James Joyce once said, "History is a nightmare from which I am trying to awake."
Many people, both living in the United States and around the world, are interested in the history of America. A knowledge of history helps answer questions about how our country ended up where it is today, reveals the source of our diversity, and clarifies our current role and place in this vast world. Ultimately, someone who understands American history understands America, and by extension themselves.
This general survey course is intended to give participants a broad understanding of US History from the arrival of native peoples to the end of the Reconstruction era that followed the Civil War.
The course is divided into 11 thematic sections that are chronologically ordered. Each covers the people, places, ideas, and events that were most influential to our nations development. Each of these sections includes;
This course is comparable to a full semester of college-level U.S. History, but is simplified to ensure it remains relevant to the widest audience possible. It can also be completed at your own pace, so you can breeze through it in a few weeks, or carefully analyze it over a few months.
Amateur historians, AP students looking for review material, people getting ready for vacation, and anyone else with a genuine interest in the presidents, military conflicts, social movements, locations, and everything else that is a part of our nation's story will find this course to be especially rewarding.
If you've ever wished you had a better understanding of our nation's origins, but don't want to suffer through a dry, boring textbook, this is the course for you!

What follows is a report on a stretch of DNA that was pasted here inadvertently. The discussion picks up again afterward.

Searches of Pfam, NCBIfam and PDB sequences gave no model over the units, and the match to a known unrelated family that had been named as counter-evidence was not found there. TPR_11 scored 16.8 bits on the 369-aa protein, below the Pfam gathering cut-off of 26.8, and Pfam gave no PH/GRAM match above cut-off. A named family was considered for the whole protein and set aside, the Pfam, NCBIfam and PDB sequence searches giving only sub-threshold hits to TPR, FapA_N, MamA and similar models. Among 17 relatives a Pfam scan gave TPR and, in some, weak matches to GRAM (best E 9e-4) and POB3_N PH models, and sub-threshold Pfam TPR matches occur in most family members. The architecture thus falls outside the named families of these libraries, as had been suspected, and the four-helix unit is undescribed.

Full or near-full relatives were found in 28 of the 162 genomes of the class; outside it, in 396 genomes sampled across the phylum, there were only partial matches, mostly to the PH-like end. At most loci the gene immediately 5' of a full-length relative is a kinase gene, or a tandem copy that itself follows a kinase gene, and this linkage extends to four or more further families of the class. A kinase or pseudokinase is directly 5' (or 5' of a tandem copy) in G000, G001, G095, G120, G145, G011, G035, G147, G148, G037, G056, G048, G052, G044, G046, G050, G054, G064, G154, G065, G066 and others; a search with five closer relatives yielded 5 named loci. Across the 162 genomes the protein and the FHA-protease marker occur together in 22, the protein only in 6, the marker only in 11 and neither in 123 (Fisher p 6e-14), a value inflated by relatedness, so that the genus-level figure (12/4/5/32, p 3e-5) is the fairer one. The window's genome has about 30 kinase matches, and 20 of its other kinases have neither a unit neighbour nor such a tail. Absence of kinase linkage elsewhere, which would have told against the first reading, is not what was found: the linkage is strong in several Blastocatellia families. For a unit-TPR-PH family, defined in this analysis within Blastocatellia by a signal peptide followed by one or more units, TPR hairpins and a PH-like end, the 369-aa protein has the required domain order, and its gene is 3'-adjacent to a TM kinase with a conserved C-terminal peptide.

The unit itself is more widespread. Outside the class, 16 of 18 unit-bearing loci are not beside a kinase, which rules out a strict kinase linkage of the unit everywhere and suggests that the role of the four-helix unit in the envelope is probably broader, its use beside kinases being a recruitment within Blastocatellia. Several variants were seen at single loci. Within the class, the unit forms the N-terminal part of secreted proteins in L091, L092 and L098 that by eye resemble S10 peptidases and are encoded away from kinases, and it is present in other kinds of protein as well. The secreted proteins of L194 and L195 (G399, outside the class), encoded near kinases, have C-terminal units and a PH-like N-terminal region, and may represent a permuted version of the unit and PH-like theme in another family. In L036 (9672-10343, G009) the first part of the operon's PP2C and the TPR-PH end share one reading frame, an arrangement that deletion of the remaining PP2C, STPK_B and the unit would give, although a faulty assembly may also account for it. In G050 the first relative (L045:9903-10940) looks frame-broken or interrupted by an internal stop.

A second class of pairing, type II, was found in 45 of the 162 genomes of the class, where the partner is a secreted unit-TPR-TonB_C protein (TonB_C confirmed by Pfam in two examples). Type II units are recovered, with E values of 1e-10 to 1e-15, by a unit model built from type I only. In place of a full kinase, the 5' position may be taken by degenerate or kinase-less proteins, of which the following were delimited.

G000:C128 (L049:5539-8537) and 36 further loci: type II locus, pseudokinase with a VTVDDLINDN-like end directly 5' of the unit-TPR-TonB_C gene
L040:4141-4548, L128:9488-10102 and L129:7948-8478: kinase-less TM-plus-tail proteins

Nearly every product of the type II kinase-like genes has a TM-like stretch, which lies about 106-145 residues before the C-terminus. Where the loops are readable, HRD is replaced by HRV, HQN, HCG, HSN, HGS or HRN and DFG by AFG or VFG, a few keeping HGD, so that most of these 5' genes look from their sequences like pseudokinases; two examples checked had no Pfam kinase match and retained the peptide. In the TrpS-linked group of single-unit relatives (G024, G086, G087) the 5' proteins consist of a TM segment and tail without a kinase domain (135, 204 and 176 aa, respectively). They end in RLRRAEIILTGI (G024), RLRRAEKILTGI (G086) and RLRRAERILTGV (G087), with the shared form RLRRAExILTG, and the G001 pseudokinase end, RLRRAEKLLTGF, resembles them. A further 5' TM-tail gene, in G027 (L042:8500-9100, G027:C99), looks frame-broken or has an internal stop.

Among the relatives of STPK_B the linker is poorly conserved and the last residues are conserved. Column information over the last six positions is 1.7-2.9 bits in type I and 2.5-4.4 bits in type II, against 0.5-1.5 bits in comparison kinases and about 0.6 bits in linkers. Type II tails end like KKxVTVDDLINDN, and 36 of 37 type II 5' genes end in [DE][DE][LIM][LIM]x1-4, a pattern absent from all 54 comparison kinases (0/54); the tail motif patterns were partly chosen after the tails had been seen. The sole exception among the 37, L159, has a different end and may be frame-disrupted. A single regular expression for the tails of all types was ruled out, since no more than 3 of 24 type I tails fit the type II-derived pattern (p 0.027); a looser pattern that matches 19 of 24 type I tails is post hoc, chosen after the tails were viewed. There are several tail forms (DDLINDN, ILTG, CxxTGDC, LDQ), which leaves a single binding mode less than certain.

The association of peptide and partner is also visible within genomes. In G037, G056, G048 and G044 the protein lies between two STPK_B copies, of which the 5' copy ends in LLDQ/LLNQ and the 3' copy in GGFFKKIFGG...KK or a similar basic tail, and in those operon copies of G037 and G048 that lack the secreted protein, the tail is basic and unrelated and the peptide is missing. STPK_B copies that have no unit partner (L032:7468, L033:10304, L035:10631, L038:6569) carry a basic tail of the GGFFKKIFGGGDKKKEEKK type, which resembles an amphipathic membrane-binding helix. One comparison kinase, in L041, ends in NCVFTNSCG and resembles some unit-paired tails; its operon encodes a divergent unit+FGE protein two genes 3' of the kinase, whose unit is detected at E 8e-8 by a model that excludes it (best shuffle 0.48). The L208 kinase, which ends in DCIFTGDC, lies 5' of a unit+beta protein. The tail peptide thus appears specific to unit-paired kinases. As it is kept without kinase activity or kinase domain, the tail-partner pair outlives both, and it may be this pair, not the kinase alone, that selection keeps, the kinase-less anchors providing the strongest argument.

This presentation discusses the arrival of people in North America and the factors that led to the formation of eight distinct cultural regions.
In this lecture you will learn how the New World was "discovered" by Spain and their efforts to both conquor and explore what will become the United States.
The early colonization efforts of England, France, and the Netherlands are at the forefront of this lecture. We will look at the challeneges each of these nations faced in carving our their own New World Empires.
This brief assessment will test your knowledge of Section one topics.
New England, the Middle Colonies, and the Southern Colonies. All three of these regions had unique environments, economies, people, and cultures. This lecture will explore all three to help you better understand colonial America's cultural landscape.
The roots of America's great democratic tradition, beginning with the Magna Carta of 1215, are traced by this breif lecture.
Work, Food, Social Class, Family, and Education. Learn about what all of them were like in the 1700's.
The assessment will test your knowledge of life in the English colonies.
The French and Indian War seemingly gave Britain control of North America, but actually set up the circumstances which eventually robbed them of their American empire.
The lectures outlines the major causes of the American Revolution and looks at them from both an American and British point of view.
What happened between the Battle of Lexington and the invasion of New York City by the British? This presentations clarifies the period of time where there was a lull in the fighting.
Learn all about the importance and deeper meaning of the Declaration of Independence.
This two-part lecture on the Revolutionary War follows the major events of the war up to the Battle of Saratoga.
The second part of our Revolutionary War lectures chronicles the conclusion of the war and the peace that followed.
This short quiz covers the causes and course of the Revolutionary War.
Why was the Constitutional Convention called for? Learn about the catalysts that created our national government in this lecture.
The discussions, compromises, and debates that occurred during the Constitutional Convention come alive in this lecture.